A numerical method for solving a class of systems of nonlinear Pantograph differential equations

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A numerical method for solving a class of systems of nonlinear Pantograph differential equations

Musa Cakmak

a

, Sertan Alkan

b,*

aDepartment of Accounting and Tax Applications, Hatay Mustafa Kemal Univ., Hatay, Turkey

bDepartment of Computer Engineering, Iskenderun Technical Univ., Hatay, Turkey

Received 11 May 2021; revised 27 June 2021; accepted 18 July 2021 Available online 15 September 2021

KEYWORDS

The systems of nonlinear Pantograph differential equation;

Collocation method;

Fibonacci polynomials

Abstract In this paper, Fibonacci collocation method is firstly used for approximately solving a class of systems of nonlinear Pantograph differential equations with initial conditions. The problem is firstly reduced into a nonlinear algebraic system via collocation points, later the unknown coef- ficients of the approximate solution function are calculated. Also, some problems are presented to test the performance of the proposed method by using the absolute error functions. Additionally, the obtained numerical results are compared with exact solutions of the test problems and approx- imate ones obtained with other methods in the literature.

Ó 2021 THE AUTHORS. Published by Elsevier BV on behalf of Faculty of Engineering, Alexandria University. This is an open access article under the CC BY-NC-ND license (http://creativecommons.org/

licenses/by-nc-nd/4.0/).

1. Introduction

Many problems in science and engineering can be modeled with fractional and integer order partial differential equations, ordinary differential equations, integro-differential equations and their systems. For this reason, there are many studies on these equations in the literature. Some of these studies can be summarized as follows: In[1–4], the authors study on exis- tence of fractional integro-differential equations. The paper[5]

deals with the systems of fractional order Willis aneurysm and nonlinear singularly perturbed boundary value problems. The paper[6]is on the controllability results of the non-dense Hil- fer neutral fractional derivative. In[7], on exact controllability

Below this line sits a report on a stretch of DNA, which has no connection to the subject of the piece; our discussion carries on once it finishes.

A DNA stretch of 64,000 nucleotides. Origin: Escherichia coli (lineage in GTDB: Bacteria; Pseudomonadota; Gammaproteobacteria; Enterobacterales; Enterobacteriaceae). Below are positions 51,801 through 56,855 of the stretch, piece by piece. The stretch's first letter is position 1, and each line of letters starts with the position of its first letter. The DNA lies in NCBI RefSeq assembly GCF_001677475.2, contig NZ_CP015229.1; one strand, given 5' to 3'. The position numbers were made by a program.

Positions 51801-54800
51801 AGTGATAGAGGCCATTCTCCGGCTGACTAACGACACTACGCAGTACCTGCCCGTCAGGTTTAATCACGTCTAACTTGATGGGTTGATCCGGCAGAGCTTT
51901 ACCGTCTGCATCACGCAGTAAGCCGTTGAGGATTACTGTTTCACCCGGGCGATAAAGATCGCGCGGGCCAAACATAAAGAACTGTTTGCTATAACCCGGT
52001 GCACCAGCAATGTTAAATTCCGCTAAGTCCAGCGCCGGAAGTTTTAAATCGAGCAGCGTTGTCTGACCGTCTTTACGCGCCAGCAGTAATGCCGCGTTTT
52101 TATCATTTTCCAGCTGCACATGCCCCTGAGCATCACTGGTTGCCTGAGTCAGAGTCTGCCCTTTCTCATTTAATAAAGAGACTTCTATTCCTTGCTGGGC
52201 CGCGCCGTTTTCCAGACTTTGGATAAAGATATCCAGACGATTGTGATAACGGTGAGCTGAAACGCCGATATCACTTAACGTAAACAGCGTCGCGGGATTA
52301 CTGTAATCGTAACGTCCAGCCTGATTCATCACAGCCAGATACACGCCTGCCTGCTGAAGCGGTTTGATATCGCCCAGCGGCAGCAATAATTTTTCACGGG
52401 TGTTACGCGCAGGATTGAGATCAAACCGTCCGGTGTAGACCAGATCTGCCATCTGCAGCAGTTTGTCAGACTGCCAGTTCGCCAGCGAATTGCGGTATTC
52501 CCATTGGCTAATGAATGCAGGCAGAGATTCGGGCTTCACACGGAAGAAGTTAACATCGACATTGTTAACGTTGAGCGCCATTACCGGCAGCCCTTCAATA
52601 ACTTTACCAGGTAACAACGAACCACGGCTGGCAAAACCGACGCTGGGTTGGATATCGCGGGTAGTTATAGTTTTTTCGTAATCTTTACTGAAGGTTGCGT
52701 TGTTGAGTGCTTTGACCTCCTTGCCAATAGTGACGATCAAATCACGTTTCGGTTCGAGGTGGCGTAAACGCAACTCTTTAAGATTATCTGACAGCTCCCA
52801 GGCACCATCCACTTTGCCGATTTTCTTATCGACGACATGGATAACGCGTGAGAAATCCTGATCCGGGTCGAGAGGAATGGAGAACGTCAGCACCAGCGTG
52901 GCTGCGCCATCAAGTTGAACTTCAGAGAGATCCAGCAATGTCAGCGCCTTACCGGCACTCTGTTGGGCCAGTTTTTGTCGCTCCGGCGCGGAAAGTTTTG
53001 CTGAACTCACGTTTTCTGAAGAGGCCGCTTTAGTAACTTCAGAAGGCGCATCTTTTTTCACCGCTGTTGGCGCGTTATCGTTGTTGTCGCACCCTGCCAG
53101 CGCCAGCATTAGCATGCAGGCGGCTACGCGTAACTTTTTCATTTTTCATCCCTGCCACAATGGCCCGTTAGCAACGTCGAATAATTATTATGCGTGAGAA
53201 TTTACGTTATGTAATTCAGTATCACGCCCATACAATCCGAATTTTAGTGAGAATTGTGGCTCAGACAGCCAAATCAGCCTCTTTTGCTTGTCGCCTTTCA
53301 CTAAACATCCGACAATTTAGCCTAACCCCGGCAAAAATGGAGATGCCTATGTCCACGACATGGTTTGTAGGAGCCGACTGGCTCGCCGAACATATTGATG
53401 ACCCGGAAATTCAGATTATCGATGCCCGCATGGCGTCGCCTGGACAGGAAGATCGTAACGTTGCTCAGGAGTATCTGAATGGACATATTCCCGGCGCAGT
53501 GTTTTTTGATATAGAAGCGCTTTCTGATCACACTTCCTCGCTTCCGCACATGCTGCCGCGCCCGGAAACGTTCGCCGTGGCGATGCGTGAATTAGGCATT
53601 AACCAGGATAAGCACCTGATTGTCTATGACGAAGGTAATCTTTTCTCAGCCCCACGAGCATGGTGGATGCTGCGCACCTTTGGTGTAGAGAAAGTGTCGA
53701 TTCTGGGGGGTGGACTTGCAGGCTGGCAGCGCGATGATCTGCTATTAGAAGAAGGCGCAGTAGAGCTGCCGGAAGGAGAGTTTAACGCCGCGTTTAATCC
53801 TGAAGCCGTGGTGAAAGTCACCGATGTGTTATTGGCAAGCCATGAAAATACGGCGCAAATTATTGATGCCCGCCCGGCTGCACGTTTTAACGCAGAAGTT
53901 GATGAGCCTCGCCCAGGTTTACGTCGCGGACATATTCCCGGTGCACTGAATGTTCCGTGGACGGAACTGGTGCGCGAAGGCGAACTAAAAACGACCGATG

of a class of fractional neutral integro-differential systems is studied. In[8], it is obtained exact solitary wave solutions of the strain wave equation. In[9,10], it is studied on Nizhnik- Novikov-Vesselov equations and modified Veronese web equa- tion. In[11], it is presented solutions of nonlinear rth disper- sionless equation. The paper[12]deals with solutions for the Kawahara-KdV type equations. The paper[13]is on new soli- ton solutions for a generalized nonlinear evolution equation.

In[14], the authors study on the existence of mild solution of functional integro differential equation. The paper[15]is on abundant solitary wave solutions to an extended nonlinear Schro¨dinger’s equation with conformable derivative. In [16], on the existence of Sobolev-type Hilfer fractional neutral integro-differential systems are studied using measure of non- compactness. In[17], on the existence and uniqueness of non- local fractional delay differential systems are studied. The paper[18]is on the approximate controllability of Hilfer frac- tional neutral stochastic integro-differential equations. The paper[19]deals with the existence and controllability results

* Corresponding author.

E-mail addresses: musacakmak@mku.edu.tr (M. Cakmak), sertan.

alkan@iste.edu.tr(S. Alkan).

Peer review under responsibility of Faculty of Engineering, Alexandria University.

Alexandria Engineering Journal (2022) 61, 2651–2661

H O S T E D BY

Alexandria University

Alexandria Engineering Journal

www.elsevier.com/locate/aej www.sciencedirect.com

https://doi.org/10.1016/j.aej.2021.07.028

1110-0168Ó 2021 THE AUTHORS. Published by Elsevier BV on behalf of Faculty of Engineering, Alexandria University.

This is an open access article under the CC BY-NC-ND license (http://creativecommons.org/licenses/by-nc-nd/4.0/).

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for fractional evolution. In[20], the authors study on the exis- tence and controllability of fractional integro-differential sys- tem. In[21], on a class of control systems governed by the fractional differential evolution equations is considered.